Red Riding

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Re: Red Riding

Post by barnaby morbius on Tue Mar 03, 2009 6:35 am

i'm looking forward to heston blumenthal and the red riding trilogy(both channel 4)
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Re: Red Riding

Post by Frank on Wed Mar 04, 2009 7:34 am

barnaby salton wrote:i'm looking forward to heston blumenthal and the red riding trilogy(both channel 4)

Yes, 'Red Riding' should be very interesting. Looking forward to that.
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Re: Red Riding

Post by Frank on Fri Mar 06, 2009 3:21 am

Red Riding...an amazing piece of British telly. Stunning.
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Re: Red Riding

Post by The Co=Ordinator on Fri Mar 06, 2009 4:15 am

2.5 million viewers according to the overnights - not sure whether that's good or disappointing. But like the programme for me really: good in parts, but dragged at other times. A question for anyone who saw it.

Spoiler:
I couldn't make out who Eddie shoots before he kills Dawson. Was one of them his boss, the editor of the Yorkshire Post who nowadays makes his living advertising the arse out of the Post Office?

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Re: Red Riding

Post by Frank on Fri Mar 06, 2009 7:58 am

In answer to your question...I don't know. I'd have to watch it again.

I did feel it was a little too long but apart from that it was superb.
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Re: Red Riding

Post by Rich Flair on Fri Mar 06, 2009 8:26 am

Frank wrote:Red Riding...an amazing piece of British telly. Stunning.

I was going to watch it, but I've decided to read the books first - as I've read a book by David Peace and it was amazing.
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Re: Red Riding

Post by Lee Carey on Sun Mar 08, 2009 12:45 pm

With apologies for repeating what I posted elsewhere, but Red Riding reminded me very much of Moses Jones, and let down in the same way in it's willingness to be obscure for no reason, and went out of its way to equate bleakness with realism.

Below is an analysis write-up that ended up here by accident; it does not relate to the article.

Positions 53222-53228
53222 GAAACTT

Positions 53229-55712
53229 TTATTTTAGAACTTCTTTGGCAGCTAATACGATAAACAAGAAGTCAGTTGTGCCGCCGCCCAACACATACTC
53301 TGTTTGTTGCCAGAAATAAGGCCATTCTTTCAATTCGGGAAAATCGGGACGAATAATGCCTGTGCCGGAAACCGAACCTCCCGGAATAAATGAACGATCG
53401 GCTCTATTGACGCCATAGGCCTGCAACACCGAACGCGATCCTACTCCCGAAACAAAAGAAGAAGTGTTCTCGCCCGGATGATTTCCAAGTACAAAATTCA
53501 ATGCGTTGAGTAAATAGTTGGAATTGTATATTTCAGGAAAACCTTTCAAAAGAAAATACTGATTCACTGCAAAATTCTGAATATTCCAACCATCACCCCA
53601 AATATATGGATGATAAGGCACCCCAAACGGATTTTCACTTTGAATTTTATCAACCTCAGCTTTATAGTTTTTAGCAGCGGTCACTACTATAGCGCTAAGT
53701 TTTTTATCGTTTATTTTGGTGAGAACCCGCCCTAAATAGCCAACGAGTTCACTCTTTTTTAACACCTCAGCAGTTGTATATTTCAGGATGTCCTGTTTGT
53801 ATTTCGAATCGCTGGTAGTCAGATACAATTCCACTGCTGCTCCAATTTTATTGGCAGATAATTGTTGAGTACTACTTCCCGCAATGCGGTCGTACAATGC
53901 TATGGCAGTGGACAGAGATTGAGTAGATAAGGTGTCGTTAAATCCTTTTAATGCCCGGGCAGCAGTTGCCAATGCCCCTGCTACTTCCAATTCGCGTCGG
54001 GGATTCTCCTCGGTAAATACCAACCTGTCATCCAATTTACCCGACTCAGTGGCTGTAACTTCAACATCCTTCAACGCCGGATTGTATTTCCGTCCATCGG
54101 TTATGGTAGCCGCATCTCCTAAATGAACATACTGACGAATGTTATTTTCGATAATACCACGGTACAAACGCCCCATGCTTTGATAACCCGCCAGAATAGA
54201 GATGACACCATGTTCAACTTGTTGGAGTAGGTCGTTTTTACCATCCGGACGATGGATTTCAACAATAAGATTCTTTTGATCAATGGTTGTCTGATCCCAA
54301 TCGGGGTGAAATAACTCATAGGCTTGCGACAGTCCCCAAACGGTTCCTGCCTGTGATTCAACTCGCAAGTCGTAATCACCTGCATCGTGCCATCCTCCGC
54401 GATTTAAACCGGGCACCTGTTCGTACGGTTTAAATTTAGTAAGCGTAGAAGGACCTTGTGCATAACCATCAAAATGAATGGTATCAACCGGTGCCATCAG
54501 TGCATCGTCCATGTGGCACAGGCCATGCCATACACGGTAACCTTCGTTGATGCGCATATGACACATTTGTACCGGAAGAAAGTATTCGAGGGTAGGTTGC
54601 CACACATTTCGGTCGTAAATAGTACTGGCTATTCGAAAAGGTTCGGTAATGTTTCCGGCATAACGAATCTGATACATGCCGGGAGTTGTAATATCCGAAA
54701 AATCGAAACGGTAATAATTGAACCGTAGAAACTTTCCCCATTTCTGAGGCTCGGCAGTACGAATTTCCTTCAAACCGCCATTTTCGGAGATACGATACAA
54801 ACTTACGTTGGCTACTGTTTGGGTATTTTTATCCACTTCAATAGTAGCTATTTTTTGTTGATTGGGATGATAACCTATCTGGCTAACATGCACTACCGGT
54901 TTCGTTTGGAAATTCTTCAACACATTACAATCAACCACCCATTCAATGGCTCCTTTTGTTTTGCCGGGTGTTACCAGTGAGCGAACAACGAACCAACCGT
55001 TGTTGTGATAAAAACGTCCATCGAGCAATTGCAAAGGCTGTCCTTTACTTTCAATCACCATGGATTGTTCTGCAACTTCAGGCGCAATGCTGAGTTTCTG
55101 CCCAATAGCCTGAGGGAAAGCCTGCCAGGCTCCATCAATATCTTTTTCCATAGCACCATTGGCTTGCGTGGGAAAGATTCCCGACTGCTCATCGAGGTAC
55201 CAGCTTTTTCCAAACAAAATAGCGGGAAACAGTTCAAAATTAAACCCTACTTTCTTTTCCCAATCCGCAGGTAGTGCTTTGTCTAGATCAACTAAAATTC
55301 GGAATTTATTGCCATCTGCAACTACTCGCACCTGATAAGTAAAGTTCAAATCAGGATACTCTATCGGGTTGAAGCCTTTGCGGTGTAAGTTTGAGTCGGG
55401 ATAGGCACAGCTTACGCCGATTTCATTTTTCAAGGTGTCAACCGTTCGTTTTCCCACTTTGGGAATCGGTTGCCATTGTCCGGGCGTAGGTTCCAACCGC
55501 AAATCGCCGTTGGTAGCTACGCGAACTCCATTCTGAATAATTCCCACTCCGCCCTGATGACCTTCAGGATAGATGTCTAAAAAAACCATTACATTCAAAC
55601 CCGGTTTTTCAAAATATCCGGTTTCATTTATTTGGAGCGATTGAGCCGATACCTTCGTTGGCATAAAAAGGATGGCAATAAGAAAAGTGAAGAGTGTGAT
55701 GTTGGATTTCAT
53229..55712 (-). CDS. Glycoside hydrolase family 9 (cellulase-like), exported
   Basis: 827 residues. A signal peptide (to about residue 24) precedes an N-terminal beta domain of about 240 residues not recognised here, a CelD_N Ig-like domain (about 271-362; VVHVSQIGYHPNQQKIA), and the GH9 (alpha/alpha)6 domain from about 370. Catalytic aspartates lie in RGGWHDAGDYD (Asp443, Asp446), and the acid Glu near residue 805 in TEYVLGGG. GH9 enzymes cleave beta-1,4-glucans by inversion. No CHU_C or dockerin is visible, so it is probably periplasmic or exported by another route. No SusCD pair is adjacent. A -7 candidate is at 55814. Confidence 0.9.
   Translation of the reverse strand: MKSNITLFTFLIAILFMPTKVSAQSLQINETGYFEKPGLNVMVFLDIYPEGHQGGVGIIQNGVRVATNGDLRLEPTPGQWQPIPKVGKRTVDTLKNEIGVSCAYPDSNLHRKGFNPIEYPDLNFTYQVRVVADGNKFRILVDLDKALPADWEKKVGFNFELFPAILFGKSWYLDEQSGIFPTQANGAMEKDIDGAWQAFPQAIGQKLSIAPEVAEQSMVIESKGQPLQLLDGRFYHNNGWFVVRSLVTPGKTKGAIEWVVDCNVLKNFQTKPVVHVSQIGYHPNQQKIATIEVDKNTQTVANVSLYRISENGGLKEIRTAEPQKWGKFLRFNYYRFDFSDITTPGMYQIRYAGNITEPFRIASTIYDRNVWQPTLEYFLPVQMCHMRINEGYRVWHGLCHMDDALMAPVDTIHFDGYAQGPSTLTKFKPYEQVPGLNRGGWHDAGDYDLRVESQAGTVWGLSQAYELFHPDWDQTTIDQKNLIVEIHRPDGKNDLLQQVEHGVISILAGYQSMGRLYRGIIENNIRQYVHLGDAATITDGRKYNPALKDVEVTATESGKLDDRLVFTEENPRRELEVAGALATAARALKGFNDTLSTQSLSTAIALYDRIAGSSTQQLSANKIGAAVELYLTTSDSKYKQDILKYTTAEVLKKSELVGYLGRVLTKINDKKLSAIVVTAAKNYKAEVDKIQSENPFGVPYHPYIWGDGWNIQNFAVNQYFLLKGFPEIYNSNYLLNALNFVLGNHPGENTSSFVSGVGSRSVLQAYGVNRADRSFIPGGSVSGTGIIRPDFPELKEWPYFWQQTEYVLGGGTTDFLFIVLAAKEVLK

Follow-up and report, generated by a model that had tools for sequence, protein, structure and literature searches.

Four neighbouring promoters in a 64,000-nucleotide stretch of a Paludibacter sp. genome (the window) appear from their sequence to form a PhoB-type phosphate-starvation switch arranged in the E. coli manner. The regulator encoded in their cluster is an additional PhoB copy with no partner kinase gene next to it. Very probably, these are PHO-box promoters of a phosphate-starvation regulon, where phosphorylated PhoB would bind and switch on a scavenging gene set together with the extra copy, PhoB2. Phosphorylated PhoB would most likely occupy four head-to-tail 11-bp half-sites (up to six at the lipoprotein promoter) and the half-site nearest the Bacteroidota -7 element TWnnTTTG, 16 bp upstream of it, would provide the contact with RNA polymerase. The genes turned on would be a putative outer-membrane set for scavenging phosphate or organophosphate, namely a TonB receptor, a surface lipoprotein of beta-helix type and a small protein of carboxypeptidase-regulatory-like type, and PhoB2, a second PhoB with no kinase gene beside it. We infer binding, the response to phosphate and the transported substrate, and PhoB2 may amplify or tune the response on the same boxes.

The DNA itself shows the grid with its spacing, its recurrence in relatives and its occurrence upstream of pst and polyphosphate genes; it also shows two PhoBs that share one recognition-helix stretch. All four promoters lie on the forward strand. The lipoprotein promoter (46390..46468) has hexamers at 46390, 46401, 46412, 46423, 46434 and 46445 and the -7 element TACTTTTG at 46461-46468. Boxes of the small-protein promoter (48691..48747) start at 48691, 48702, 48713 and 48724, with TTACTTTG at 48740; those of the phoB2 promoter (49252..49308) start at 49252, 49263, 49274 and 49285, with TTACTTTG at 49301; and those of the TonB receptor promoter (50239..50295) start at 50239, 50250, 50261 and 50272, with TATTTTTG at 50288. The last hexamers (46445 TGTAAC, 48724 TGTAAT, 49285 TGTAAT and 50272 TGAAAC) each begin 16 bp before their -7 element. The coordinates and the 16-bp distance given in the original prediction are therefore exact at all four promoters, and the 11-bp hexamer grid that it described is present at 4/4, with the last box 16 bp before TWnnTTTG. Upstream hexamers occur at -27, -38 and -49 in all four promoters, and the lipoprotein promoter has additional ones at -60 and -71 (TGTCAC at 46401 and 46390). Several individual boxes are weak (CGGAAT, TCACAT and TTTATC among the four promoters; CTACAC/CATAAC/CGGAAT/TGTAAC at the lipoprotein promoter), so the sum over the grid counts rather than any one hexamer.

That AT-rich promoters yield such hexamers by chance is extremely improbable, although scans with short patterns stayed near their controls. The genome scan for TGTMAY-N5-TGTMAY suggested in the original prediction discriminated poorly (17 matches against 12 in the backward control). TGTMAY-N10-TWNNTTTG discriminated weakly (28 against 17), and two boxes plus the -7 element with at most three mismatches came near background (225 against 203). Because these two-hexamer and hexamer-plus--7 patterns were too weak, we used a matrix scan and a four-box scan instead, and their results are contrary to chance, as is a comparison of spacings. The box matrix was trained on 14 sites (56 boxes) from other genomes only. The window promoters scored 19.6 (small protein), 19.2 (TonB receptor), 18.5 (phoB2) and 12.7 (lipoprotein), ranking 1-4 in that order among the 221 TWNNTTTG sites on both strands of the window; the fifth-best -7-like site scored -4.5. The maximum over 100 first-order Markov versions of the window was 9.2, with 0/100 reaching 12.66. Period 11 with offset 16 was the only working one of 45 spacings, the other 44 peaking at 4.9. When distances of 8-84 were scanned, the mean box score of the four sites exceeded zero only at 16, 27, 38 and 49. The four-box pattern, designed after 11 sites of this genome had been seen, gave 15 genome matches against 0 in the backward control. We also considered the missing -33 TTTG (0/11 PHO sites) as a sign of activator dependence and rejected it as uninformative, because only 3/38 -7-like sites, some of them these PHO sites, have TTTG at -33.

It was almost "Period Piece" television, but featuring the 1970's instead of the 1870's, with the creators missing the fact that any point in history isn't like the one presented here (most obviously, all the sets looked as though they were from a 1974 MFI catalogue, whereas actually most houses in any time period aren't furnished the year they are set, but feature an accumulation of belongings bought over several years).

The camera work was deliberately opaque, and refused to feature establishing shots or even focusing on certain characters, such as Garfield's older friend in the press conference at the beginning.

And finally, female characters were shown as either victims, sex objects or old maids.

It's as though someone wanted to recreate the feeling of a police programme from 1974 and rid the story of any advances since then. Unfortunately, Life On Mars addressed that in a far more sophisticated way, and what we are left with is the latest in a long line of what can only be described as nihilist dramas: brown and grey and devoid of any contrast. It screams out "Look at us, aren't we grown up!" to me, while actually admitting nothing but it's own adolescent fascination with tits, violence and swearing.

I probably would have loved it when I was fourteen.
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Re: Red Riding

Post by The Co=Ordinator on Sun Mar 08, 2009 2:20 pm

Lee, what you are today, ITV will follow soon after. Razz

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Re: Red Riding

Post by Lee Carey on Sun Mar 08, 2009 3:48 pm

What, fourteen?
Razz

Sorry, but it's a bugbear of mine, and has been for a while, that the 'arts' seem to equate bleakness with realism. This was something brought home to me a couple of years back when I read the then London Film Festival catalogue and saw that virtually every film contained one of the following words in it's brief description: harrowing, addiction, alcoholism, prostitution, bleak, stark, rape or violent. Suffice to say, I haven't attended since, and have little wish to. Red Riding is the latest in a long line of films made by the comfortably middle class about how they perceive the working class to be. I lived through the seventies, and even though my memories are filtered through the haze of childhood, it was nothing like that depicted in Red Riding.